Internal displacement: 20 years of action


In 2017, there were 30.6 million new internal displacements associated with conflict, violence and disasters. Internal displacement uproots people within their own countries, often at a moment’s notice, depriving them of their homes, jobs and basic services. LEARN MORE | Français | عربى

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September 12, 2018

East Africa worst hit by internal displacement in first half of 2018

A group of internally displaced Ethiopians

Geneva, 12 September 2018Latest figures from the Internal Displacement Monitoring Centre (IDMC) reveal that millions of people across the world have become displaced inside their own country since January. Worldwide, there were 5.2 million new internal displacements associated with conflict and violence in the first half of 2018, based on the analysis of data from the 10 worst-affected countries.

In Ethiopia, 1.4 million new internal displacements have already been recorded, surpassing both Syria and the Democratic Republic of the Congo. Somalia and South Sudan too are among the 10 worst-affected countries for new displacement linked to conflict and violence. East Africa also accounts for five of the most significant disaster events between January and June, with flooding in Kenya, Somalia, Ethiopia and Uganda, and drought in Somalia displacing more than a million people in total.


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September 5, 2018

Ukrainian worker pedals out of war zone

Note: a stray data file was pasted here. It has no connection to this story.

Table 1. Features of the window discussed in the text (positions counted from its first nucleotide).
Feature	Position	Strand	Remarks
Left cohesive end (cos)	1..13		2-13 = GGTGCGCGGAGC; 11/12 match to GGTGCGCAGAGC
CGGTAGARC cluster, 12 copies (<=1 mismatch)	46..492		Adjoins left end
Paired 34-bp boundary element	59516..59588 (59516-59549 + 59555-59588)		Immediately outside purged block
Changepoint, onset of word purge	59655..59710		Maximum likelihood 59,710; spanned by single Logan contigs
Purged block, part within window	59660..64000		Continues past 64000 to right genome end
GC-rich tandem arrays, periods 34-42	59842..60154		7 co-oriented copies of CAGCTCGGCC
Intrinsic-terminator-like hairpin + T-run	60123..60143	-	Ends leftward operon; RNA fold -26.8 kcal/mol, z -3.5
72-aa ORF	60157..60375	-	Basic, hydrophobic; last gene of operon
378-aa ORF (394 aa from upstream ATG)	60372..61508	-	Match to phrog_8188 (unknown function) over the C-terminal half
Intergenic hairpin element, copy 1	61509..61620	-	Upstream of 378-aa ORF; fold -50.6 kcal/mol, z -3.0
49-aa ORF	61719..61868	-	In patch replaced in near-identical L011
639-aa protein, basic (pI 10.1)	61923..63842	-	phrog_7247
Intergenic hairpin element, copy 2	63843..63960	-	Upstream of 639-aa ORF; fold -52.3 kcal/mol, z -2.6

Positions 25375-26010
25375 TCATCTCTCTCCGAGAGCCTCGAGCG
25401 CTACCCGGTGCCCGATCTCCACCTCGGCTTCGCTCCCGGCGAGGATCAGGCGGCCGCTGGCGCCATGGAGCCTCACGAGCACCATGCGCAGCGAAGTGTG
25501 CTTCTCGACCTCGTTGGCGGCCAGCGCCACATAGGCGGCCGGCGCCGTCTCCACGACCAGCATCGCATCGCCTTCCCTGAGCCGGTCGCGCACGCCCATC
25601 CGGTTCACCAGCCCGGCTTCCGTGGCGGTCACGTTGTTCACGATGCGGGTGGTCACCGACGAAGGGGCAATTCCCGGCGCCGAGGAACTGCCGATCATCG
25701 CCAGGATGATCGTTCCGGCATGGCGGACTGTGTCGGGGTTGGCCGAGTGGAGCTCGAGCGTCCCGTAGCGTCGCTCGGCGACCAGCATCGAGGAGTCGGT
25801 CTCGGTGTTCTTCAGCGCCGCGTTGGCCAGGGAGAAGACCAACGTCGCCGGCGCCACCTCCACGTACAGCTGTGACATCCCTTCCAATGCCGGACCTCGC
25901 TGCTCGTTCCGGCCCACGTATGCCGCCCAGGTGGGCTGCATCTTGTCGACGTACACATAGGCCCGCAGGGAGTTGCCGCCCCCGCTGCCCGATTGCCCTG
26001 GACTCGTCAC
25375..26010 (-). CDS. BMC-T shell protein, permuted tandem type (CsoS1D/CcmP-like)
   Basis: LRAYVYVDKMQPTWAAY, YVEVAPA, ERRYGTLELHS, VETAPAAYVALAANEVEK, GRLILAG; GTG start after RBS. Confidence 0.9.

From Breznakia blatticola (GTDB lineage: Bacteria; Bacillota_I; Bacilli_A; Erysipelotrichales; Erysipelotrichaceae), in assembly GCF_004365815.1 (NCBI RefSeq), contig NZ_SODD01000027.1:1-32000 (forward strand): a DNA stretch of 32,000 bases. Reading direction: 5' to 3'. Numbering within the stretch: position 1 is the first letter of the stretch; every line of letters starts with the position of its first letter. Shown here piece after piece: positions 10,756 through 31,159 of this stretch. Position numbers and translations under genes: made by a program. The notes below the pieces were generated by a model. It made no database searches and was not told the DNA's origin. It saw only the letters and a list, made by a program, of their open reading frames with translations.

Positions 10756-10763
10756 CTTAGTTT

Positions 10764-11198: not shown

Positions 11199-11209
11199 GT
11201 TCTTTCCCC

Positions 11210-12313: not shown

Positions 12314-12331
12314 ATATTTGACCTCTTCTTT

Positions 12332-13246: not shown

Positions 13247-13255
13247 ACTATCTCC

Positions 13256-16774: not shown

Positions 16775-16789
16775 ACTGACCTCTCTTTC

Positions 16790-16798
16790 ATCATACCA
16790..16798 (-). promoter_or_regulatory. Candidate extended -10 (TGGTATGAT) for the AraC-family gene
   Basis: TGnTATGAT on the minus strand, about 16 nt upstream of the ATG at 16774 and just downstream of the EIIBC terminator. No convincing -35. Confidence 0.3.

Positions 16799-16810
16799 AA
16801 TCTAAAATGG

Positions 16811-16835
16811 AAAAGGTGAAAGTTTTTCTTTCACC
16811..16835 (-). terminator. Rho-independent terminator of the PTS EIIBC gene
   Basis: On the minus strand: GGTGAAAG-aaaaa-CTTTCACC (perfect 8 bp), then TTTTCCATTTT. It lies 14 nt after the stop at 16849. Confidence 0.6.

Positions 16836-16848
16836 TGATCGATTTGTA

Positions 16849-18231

The Zubko family seated their home

This article originally appeared on UNHCR. Reposted with permission.

Vasily Zubko hoped to the end he could stay in his beloved steppe country in eastern Ukraine, but as the conflict drew ever closer, he got on his bike and pedalled out of the war zone.

He covered half the distance to the Ukrainian capital, Kyiv, about 400 kilometres, through the autumn rain.

“It was November,” he says. “The first night I stayed in an Orthodox monastery, the second night with some Orthodox believers and the third night with people from our own (Pentecostal) Church. I got soaked.

“They saw I was catching cold and wouldn’t let me continue on the bike. They put me on the train to Kyiv.”

Vasily’s family were […]

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August 29, 2018

Mothers of Congo’s lost children break silence

Several colourfully dressed Congolese women sit in a row, lamenting the kidnapping of their children.

Augustine hasn’t seen her six-year-old daughter in over a year. She has steeled herself for the worst. “There is no hope,” she says. “I will never see my daughter again.”

Displaced by fighting in the Democratic Republic of the Congo’s Tanganyika province, Augustine is now living at a site for internally displaced people in the provincial capital, Kalemie. She’s one of many anxious and grieving parents here.

“The rebels come into our villages, they take our children and disappear with them,” she says. “They rape the girls and cut them in small pieces with machetes.”

Fifty-two-year-old Ndiba Kaité counts herself among the lucky few. Her five teenage daughters were kidnapped in December 2016 and held captive for five months in the bush, where they were starved, beaten and abused.

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August 22, 2018

Home remains elusive for Libya’s internally displaced

Still from video of girl playing in camp

Over 40,000 Libyans from the city of Tawergha were forcibly displaced during fighting in 2011 with rival factions in nearby Misrata. Since then, its residents have been scattered into makeshift encampments, trying to scrape by – and though a nascent peace deal might hold the key to their return, for now the future is still uncertain.

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Lead photo credit: NRC/Christian Jepsen